(1) Based on the BLS Occupational Injury and Illness Classification System (OIICS) 2.01 implemented for 2011 data forward.
(2) Totals for 2013 are revised and final.
(p) Data for 2014 are preliminary. Revised and final 2014 data are scheduled to be released in spring 2016.
 

NOTE: Totals for major categories may include subcategories not shown separately. Percentages may not add to totals because of rounding. CFOI fatality counts exclude illness-related deaths unless precipitated by an injury event. Dashes indicate no data reported or data that do not meet publication guidelines.
 

Table 2. Fatal occupational injuries by industry, Michigan, 2013–14
Industry (1) 2013 (2) 2014 (p)
Number Number Percent

Total

135 138 100

Private industry

122 129 93

Natural resources and mining

17 23 17

Agriculture, forestry, fishing and hunting

16 23 17

Crop production

7 10 7

Animal production and aquaculture

5 6 4

Cattle ranching and farming

-- 6 4

Dairy cattle and milk production

-- 5 4

Forestry and logging

4 5 4

Logging

4 5 4

Logging

4 5 4

Construction

19 21 15

Construction

19 21 15

Construction of buildings

6 8 6

Residential building construction

5 5 4

Residential building construction

5 5 4

Residential remodelers

-- 5 4

Specialty trade contractors

11 12 9

Building equipment contractors

2 5 4

Manufacturing

10 11 8

Manufacturing

10 11 8

Trade, transportation, and utilities

36 39 28

Wholesale trade

1 6 4

Retail trade

8 13 9

Transportation and warehousing

27 19 14

Truck transportation

14 12 9

General freight trucking

9 8 6

General freight trucking, long-distance

6 7 5

General freight trucking, long-distance, truckload

5 6 4

Financial activities

8 5 4

Professional and business services

12 7 5

Administrative and waste services

7 7 5

Administrative and support services

5 5 4

Educational and health services

5 5 4

Leisure and hospitality

10 9 7

Accommodation and food services

4 6 4

Other services, except public administration

5 9 7

Other services, except public administration

5 9 7

Religious, grantmaking, civic, professional, and similar organizations

1 5 4

Government (3)

13 9 7

Local government

6 5 4
 

Footnotes:
(1) Industry data for 2013 are based on the North American Industry Classification System, 2007. Industry data for 2014 are based on the North American Industry Classification System, 2012.
(2) Totals for 2013 are revised and final.
(p) Data for 2014 are preliminary. Revised and final 2014 data are scheduled to be released in spring 2016.
(3) Includes fatal injuries to workers employed by governmental organizations regardless of industry.
 

NOTE: Totals for major categories may include subcategories not shown separately. Percentages may not add to totals because of rounding. CFOI fatality counts exclude illness-related deaths unless precipitated by an injury event. Dashes indicate no data reported or data that do not meet publication criteria.
 

Table 3. Fatal occupational injuries by occupation, Michigan, 2013–14
Occupation (1) 2013 (2) 2014 (p)
Number Number Percent

Total

135 138 100

Management occupations

16 20 14

Other management occupations

14 17 12

Farmers, ranchers, and other agricultural managers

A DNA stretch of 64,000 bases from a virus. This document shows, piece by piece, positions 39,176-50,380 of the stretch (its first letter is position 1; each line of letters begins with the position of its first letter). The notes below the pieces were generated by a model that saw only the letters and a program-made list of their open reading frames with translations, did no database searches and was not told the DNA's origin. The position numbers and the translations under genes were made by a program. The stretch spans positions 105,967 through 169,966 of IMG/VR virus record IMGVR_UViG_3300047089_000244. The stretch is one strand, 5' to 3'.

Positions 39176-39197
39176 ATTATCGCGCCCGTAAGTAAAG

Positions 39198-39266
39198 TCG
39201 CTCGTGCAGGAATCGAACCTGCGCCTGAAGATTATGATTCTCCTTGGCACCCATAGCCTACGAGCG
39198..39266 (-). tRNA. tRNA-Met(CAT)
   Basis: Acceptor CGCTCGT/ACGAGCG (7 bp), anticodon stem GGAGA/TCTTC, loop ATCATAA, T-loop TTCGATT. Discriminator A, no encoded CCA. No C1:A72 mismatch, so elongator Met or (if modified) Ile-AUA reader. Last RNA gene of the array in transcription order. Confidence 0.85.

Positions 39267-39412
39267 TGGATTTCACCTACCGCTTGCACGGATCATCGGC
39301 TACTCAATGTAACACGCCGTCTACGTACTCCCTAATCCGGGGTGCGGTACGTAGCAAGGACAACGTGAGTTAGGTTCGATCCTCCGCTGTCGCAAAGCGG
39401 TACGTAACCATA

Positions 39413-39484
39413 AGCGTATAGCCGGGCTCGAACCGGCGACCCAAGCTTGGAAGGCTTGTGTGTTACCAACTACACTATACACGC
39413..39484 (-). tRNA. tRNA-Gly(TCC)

9 9 7

Farmers, ranchers, and other agricultural managers

9 9 7

Business and financial operations occupations

3 -- --

Community and social services occupations

-- 3 2

Legal occupations

1 -- --

Arts, design, entertainment, sports, and media occupations

4 4 3

Healthcare practitioners and technical occupations

3 1 1

Healthcare support occupations

1 -- --

Protective service occupations

5 3 2

Food preparation and serving related occupations

1 3 2

Building and grounds cleaning and maintenance occupations

4 6 4

Personal care and service occupations

2 3 2

Sales and related occupations

11 9 7

Retail sales workers

3 5 4

Office and administrative support occupations

5 5 4

Farming, fishing, and forestry occupations

7 11 8

Agricultural workers

2 6 4

Miscellaneous agricultural workers

2 6 4

Farmworkers and laborers, crop, nursery, and greenhouse

-- 5 4

Forest, conservation, and logging workers

5 5 4

Logging workers

5 5 4

Fallers

5 5 4

Construction and extraction occupations

24 18 13

Construction trades workers

21 14 10

Construction laborers

6 8 6

Construction laborers

6 8 6

Installation, maintenance, and repair occupations

7 11 8

Other installation, maintenance, and repair occupations

3 6 4

Production occupations

6 8 6

Transportation and material moving occupations

31 31 22

Motor vehicle operators

21 17 12

Driver/sales workers and truck drivers

17 15 11

Heavy and tractor-trailer truck drivers

15 14 10

Material moving workers

8 9 7

Laborers and material movers, hand

6 5 4

Laborers and freight, stock, and material movers, hand

6 5 4

Footnotes:
(1) Occupation data are based on the Standard Occupational Classification system, 2010.
(2) Totals for 2013 are revised and final.
(p) Data for 2014 are preliminary. Revised and final 2014 data are scheduled to be released in spring 2016.
 

NOTE: Totals for major categories may include subcategories not shown separately. Percentages may not add to totals because of rounding. CFOI fatality counts exclude illness-related deaths unless precipitated by an injury event. Dashes indicate no data reported or data that do not meet publication criteria.
 

Table 4. Fatal occupational injuries by worker characteristics, Michigan, 2013–14
Worker characteristics 2013 (1) 2014 (p)
Number Number Percent

Total

135 138 100

Employee status

 

Wage and salary (2)

95 91 66

Self-employed (3)

40 47 34

Gender

 

Men

122 120 87

Women

13 18 13

Age (4)

 

20 to 24 years

11 11 8

25 to 34 years

24 21 15

35 to 44 years

29 30 22

45 to 54 years

22 30 22

55 to 64 years

26 25 18

65 years and over

21 21 15

Race or ethnic origin (5)

 

White, non-Hispanic

108 113 82

Black or African-American, non-Hispanic

20 14 10

Hispanic or Latino

3 6 4

Footnotes:
(1) Totals for 2013 are revised and final.
(p) Data for 2014 are preliminary. Revised and final 2014 data are scheduled to be released in spring 2016.
(2) May include volunteers and workers receiving other types of compensation.
(3) Includes self-employed workers, owners of unincorporated businesses and farms, paid and unpaid family workers, and may include some owners of incorporated businesses or members of partnerships.
(4) Information may not be available for all age groups.
(5) Persons identified as Hispanic or Latino may be of any race. The race categories shown exclude Hispanic and Latino workers.
 

NOTE: Totals for major categories may include subcategories not shown separately. Percentages may not add to totals because of rounding. CFOI fatality counts exclude illness-related deaths unless precipitated by an injury event. Dashes indicate no data reported or data that do not meet publication criteria.
 

 

Last Modified Date: Wednesday, December 02, 2015